My boss prints ruthlessly at the office, even e-mails and memos he could easily read on his screen. How can I save trees and my job?
— Exasperated in Evanston, Ill.
Unplug his printer.
No? Hide the paper and ink cartridges.
Just how scary is your boss? If you're in danger of being fired for making an environmentally sound suggestion, get out!
OK, maybe not in these uncertain economic times. So let's look at some other options.
If saving natural resources doesn't inspire him, maybe saving money will. How much does the office spend on printing? Include paper, ink, printers, repair and electricity costs in your calculations, since printers tend to be plugged in and turned on all the time. Remember, if it isn't unplugged it's still eating power. He could not only save money by reducing purchases, but also cut his waste bills by 50 percent or more. Forward him the "Top three financial reasons (and a climate change one) why your company needs an eco-calculator" from Green Printer Blog. The ol' "save some green by being green" strategy.
Along with those measurable savings, make him aware of how much productivity is being wasted: all that time spent replenishing feed trays, replacing ink cartridges, fixing paper jams, waiting for documents to print, filing, addressing and sorting envelopes ... he'll no doubt appreciate your initiative and interest in saving the business money. (Is that a promotion I smell?)
None of these things have anything to do with him, of course. It's just that, as the person everyone looks to for leadership, he can have the greatest impact by setting a good example.
Consider, too, that maybe his resistance comes from a sort of technophobia: If it isn't printed out, it doesn't exist and can't be found when needed. Suggest backing up those e-mails and memos to an external hard drive or Web-based storage. The sense of security may be enough to change his evil ways.
Or maybe he finds reading and proofreading on screens awkward or tiring. I do. Enlarging the font size (and/or changing the font style) of a document can make proofreading much more effective, less strenuous and gives you a fresh take on what you're reading.
If you can't get him to lay off the printing, there are many ways you and other employees can compensate for his waste.
Avoid printing by storing documents digitally and make use of e-mail and computer networks to share information, work on drafts, etc.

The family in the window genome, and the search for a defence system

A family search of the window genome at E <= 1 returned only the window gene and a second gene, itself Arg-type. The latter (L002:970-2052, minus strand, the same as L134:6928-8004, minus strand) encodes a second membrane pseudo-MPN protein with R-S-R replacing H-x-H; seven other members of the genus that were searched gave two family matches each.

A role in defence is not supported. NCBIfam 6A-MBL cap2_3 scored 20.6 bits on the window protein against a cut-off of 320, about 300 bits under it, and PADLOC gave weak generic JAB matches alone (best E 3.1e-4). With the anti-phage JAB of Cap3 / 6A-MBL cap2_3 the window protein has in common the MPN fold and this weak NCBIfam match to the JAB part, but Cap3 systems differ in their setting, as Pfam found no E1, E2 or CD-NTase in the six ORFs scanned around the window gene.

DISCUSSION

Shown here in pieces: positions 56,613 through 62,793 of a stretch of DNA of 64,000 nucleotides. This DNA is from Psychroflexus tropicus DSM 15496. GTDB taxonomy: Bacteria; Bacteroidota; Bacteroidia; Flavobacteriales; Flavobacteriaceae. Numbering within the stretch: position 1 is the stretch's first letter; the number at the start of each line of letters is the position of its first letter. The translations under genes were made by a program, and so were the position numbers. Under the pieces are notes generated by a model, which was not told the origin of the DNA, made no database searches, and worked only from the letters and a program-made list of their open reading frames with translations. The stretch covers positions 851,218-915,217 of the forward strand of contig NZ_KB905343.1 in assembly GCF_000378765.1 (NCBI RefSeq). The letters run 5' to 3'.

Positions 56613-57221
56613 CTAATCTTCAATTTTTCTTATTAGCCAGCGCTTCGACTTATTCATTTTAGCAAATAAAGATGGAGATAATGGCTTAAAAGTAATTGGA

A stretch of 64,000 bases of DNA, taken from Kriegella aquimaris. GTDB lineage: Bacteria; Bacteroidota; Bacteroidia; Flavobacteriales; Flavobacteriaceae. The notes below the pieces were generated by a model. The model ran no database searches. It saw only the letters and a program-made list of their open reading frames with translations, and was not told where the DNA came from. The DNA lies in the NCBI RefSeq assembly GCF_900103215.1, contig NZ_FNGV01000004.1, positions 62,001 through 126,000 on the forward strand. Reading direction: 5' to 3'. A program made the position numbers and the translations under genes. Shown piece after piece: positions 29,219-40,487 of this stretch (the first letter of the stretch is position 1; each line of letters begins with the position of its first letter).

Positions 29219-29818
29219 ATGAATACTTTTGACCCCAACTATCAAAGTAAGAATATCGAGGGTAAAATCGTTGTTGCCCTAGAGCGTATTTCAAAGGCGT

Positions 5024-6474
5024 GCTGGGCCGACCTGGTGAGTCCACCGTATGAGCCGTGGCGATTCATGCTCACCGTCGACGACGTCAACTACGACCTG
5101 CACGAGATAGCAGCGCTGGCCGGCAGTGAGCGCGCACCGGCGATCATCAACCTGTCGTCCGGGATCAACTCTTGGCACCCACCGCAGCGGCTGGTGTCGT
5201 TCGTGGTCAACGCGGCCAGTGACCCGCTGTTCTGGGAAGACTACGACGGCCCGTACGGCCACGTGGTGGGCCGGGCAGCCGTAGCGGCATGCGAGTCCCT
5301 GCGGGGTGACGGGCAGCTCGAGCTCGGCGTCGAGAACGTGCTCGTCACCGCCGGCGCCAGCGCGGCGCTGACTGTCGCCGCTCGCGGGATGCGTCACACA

Include "Do not print this e-mail unless absolutely necessary" or "Consider the environment before printing this e-mail" at the end of every e-mail or memo. If everyone in the office adds that as an electronic signature, it may start to sink in.
- Get rid of the fax machine — it's so 20th century. Look into software or online services that send and receive e-faxes.
- Use file transfer portals (FTPs) to up- or download files online; once again saving money and resources on supplies, printing and shipping.
- If you do print, make it single-spaced, double-sided, and shrink the margins. Set all computers, printers and copy machines' default mode to double-sided printing.
- Print addresses directly onto envelopes rather than adhesive labels. It saves money and resources and allows the envelopes to be recycled. Adhesive labels can't be recycled and, as a contaminant in the recycling process, can ruin entire batches of paper.
- Stock the office with recycled paper. Look for the highest post-consumer content you can find.
- The California Waste Management site's Office Paper Reduction Quick Tips and the Michigan Department of Environmental Quality's Reducing Office Paper Waste have good suggestions for reducing use, and include guides for setting up recycling programs at work.
Did you know?
- A typical office generates about 1.5 pounds of waste paper per employee per day. (Add another half-pound for financial businesses.)
- Cutting office paper use in the United States by 10 percent is the equivalent of taking 280,000 cars off the road (1.6 million tons of greenhouse gases).
- Your boss is not alone. The proliferation of computers has actually increased our use of paper. Good thing they're also a great tool for radically reducing that waste.
(Photo: Walter Parenteau/Flickr)
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